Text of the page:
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Kyūan (久安), also romanized as Kyū-an, was a Japanese era name (年号,, nengō,, lit. "year name") after Ten'yō and before Ninpei. This period spanned the years from July 1145 through January 1151.[1] The reigning emperor was Konoe-tennō (近衛天皇).[2]

Change of Era

  • January 25, 1145 Kyūan gannen (久安元年): The new era name was created because a comet was sighted in the sky in the 7th month of Ten'yō gannen.[3] One era ended and a new one commenced in Ten'yō 1, on the 22nd day of the 7th month of 1145.[4]


  • 1145 (Kyūan 1, 8th month): The mother of former-Emperor Sutoku, Taiken-mon In, died.[3]
  • 1146 (Kyūan 2, 2nd month), Emperor Konoe visited Emperor Toba-no-Hōō.[3]
  • 1146 (Kyūan 2, 12th month), Konoe joined in a celebration honoring Sesshō Fujiwara no Tadamichi (the regent) on his 58th birthday.[5]
  • 1148 (Kyūan 4, 6th month): The imperial palace was consumed by flames.[6]
  • 1150 (Kyūan 6, 1st month): Konoe assumed the role of a mature adult; and he married Fujiwara-no Tokoku, who had been raised by sadaijin Fujiwara-no Yorinaga. Tokoku was the daughter of dainagon Taira-no Kiyomori. This bride became kōgū (first empress).[6]
  • 1150 (Kyūan 6, 3rd month): Konoe married again, this time to a daughter raised by Sesshō Fujiwara-no Tadamichi. She was the daughter of Dainagon Fujiwara-no Koremichi. This bride became chūgyo (second empress). Konoe was so very much enamoured of this second wife that he neglected his first wife, which caused discord in the kugyō, especially between Tadamichi and Yorinaga.[6]
  • 1150 (Kyūan 6, 12th month): Sesshō Minamoto-no Tadamichi, resigns his position and is named daijō daijin. In this same month, Minamoto-no Yoshikane became head of the Ashikaga clan in Shimotsuke Province.[6]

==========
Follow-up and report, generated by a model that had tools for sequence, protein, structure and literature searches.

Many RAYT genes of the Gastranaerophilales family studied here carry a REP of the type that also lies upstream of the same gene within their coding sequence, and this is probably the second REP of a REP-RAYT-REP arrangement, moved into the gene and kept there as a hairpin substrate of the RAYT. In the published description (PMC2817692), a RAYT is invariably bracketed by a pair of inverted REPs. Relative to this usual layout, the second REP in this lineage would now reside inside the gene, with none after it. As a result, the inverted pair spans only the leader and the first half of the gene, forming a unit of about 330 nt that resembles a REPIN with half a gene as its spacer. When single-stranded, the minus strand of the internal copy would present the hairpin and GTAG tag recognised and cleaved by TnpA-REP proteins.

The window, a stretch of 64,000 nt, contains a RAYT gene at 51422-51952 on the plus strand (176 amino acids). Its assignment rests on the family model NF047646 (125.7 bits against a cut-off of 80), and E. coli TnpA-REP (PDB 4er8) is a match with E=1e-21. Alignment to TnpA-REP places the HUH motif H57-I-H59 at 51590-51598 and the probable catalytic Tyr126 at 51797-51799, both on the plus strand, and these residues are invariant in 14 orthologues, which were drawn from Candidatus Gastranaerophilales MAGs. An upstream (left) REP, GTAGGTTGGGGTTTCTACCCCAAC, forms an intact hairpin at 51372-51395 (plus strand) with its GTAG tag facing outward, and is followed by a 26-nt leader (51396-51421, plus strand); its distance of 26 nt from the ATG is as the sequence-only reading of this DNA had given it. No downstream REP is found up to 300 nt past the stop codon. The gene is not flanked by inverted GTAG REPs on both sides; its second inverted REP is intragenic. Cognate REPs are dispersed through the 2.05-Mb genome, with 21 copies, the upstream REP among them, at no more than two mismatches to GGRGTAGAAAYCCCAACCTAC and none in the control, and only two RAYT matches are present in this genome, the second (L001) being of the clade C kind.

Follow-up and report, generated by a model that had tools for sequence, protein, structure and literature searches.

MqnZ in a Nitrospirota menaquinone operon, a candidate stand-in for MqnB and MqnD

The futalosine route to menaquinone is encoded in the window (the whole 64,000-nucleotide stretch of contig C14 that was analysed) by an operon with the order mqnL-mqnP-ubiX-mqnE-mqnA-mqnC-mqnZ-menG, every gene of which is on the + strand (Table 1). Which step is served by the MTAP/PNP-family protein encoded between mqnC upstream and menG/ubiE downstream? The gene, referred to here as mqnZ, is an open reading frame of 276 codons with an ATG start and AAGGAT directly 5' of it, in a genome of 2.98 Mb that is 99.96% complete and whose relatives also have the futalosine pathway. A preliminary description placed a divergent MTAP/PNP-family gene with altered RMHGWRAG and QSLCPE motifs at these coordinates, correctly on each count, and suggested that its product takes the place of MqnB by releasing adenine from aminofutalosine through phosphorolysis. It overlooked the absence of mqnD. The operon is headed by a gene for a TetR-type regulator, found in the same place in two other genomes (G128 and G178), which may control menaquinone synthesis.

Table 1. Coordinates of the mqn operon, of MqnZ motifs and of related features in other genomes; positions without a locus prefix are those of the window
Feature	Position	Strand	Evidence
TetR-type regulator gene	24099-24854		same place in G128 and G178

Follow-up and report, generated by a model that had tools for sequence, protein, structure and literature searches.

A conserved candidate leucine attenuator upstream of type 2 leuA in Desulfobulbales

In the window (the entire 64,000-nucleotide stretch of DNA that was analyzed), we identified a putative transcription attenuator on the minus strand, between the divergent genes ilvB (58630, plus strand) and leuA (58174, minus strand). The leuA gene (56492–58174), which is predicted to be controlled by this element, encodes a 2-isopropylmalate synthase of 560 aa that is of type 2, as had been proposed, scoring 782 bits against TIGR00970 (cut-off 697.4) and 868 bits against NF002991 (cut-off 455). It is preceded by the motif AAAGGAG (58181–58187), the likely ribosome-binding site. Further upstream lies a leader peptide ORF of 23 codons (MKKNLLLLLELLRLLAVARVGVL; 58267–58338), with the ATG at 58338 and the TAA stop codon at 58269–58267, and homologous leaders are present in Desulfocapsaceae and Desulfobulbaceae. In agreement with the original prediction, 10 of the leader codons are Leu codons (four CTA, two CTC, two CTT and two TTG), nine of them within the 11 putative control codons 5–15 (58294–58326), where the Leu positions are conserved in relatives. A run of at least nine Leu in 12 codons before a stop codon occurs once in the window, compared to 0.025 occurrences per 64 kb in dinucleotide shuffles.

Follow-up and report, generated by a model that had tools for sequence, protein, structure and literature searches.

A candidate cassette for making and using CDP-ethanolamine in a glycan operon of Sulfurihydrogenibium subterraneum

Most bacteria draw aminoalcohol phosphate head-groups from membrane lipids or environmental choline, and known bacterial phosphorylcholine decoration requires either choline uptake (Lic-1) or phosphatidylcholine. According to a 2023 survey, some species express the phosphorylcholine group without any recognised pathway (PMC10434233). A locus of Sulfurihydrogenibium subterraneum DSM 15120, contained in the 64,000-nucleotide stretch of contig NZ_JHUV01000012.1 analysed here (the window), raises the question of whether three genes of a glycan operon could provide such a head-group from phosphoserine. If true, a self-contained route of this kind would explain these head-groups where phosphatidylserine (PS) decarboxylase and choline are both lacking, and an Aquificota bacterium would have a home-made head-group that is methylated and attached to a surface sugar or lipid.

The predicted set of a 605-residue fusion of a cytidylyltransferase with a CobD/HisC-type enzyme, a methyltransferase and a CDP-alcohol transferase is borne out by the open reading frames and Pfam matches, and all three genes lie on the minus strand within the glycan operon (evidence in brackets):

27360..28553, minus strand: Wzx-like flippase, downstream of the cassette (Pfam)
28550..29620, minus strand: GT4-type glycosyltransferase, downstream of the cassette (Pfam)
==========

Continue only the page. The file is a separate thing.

1. ^ Nussbaum, Louis-Frédéric. (2005). "Kyū-an" in Japan Encyclopedia, p. 587, p. 587, at Google Books; n.b., Louis-Frédéric is pseudonym of Louis-Frédéric Nussbaum, see Deutsche Nationalbibliothek Authority File Archived 2012-05-24 at
  2. ^ Titsingh, Isaac. (1834). Annales des emepereurs du japon, pp. 186-188; Brown, Delmer et al. (1979). Gukanshō, pp. 324-326; Varley, H. Paul. (1980). Jinnō Shōtōki, p. 205.
  3. ^ a b c Titsingh, p. 186.
  4. ^ Brown, pp. 325-326.
  5. ^ Titsingh, p. 186; this event was important because, in each sexagenary cycle, the first and the fifty-eighth years were considered to be auspicious according to Chinese astrological principles.
  6. ^ a b c d Titsingh, p. 187.


  • Brown, Delmer M. and Ichirō Ishida, eds. (1979). Gukanshō: The Future and the Past. Berkeley: University of California Press. ISBN 978-0-520-03460-0; OCLC 251325323
  • Nussbaum, Louis-Frédéric and Käthe Roth. (2005). Japan encyclopedia. Cambridge: Harvard University Press. ISBN 978-0-674-01753-5; OCLC 58053128
  • Titsingh, Isaac. (1834). Nihon Odai Ichiran; ou, Annales des empereurs du Japon. Paris: Royal Asiatic Society, Oriental Translation Fund of Great Britain and Ireland. OCLC 5850691
  • Varley, H. Paul. (1980). A Chronicle of Gods and Sovereigns: Jinnō Shōtōki of Kitabatake Chikafusa. New York: Columbia University Press. ISBN 9780231049405; OCLC 6042764

External links

Preceded by
Era or nengō

Succeeded by